Carrier posts 'profit alert' as freight rates rise
China Shipping Container Lines, the second-largest container shipping company on the mainland, yesterday said it returned to the black last year after suffering a loss of 6.49 billion yuan (HK$7.66 billion) in 2009.
The reversal of fortune comes after China Cosco, the largest mainland shipping conglomerate, posted an alert earlier this month to report a substantial growth in revenue and a net profit for last year. This followed hefty losses in 2009.
Shares in CSCL last traded 3.1 per cent higher at HK$3.94 before they were suspended yesterday morning pending its own profit alert.
The stock has gained almost 30 per cent in the past month as investors have been betting on the company's recovery in view of improvements in the global seaborne trade and freight rates.
Transpacific freight rates have reached record highs on robust demand. Although freight rates eased in the past two quarters because of the European debt crisis and concerns over the US recovery, average freight rates last year were still significantly higher than those in 2009.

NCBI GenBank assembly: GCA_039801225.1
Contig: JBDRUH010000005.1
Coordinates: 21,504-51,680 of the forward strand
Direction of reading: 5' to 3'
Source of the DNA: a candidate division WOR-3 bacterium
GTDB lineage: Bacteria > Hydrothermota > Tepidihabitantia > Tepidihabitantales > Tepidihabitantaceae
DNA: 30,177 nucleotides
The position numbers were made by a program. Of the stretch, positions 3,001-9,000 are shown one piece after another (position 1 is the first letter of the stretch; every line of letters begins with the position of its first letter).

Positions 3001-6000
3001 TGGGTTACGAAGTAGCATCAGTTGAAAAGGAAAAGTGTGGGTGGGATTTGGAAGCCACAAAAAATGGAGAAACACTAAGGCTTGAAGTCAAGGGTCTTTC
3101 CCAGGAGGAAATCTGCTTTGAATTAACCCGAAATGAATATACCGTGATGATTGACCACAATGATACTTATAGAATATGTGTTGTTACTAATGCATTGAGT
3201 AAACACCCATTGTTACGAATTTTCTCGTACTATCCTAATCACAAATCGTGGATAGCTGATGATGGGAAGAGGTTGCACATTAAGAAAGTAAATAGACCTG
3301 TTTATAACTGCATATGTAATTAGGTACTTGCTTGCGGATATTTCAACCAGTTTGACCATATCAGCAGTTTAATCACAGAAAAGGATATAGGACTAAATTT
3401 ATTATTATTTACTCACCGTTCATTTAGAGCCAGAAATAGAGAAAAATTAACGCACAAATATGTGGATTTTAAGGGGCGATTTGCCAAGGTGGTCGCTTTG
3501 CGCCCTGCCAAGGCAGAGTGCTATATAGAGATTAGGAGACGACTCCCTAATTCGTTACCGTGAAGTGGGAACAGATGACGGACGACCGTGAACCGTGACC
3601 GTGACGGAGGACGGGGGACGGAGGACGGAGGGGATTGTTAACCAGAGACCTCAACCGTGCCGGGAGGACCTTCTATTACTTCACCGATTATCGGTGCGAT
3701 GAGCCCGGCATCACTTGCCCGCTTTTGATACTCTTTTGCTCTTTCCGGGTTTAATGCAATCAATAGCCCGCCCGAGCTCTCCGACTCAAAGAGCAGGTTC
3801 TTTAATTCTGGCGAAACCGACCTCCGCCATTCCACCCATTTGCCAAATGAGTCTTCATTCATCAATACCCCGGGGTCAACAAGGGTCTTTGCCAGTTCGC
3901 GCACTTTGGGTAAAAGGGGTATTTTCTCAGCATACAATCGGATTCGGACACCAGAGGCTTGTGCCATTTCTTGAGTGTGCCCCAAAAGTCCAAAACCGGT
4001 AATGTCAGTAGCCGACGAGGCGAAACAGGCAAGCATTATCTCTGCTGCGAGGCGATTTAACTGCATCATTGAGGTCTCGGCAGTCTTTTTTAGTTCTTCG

Current freight rates for Europe are 35 per cent below their peak in March. Those for the US West Coast are 31 per cent below their peak in July last year even after a 4 per cent rebound in average spot rates in the last week of last month - a rise that followed 25 straight weeks of decline.
'Freight rates are expected to stay at the current levels since the announced rate increase will be difficult to enforce,' said Peter Sand, a shipping analyst with the Baltic and International Maritime Council that represents about 900 international shipowners.
Most shipping lines failed to implement a proposed US$150 to US$200 rate increase on the Europe trade lane this month and hope to enforce it in March, said Jimmy Lam, an analyst at Daiwa Capital Markets.
'The rates on Europe routes for the year will fall below last year on average due to oversupply in the trade lane,' he said.
The outlook for intra-Asia trade and transpacific routes are relatively more lucrative than Europe trade, Lam said.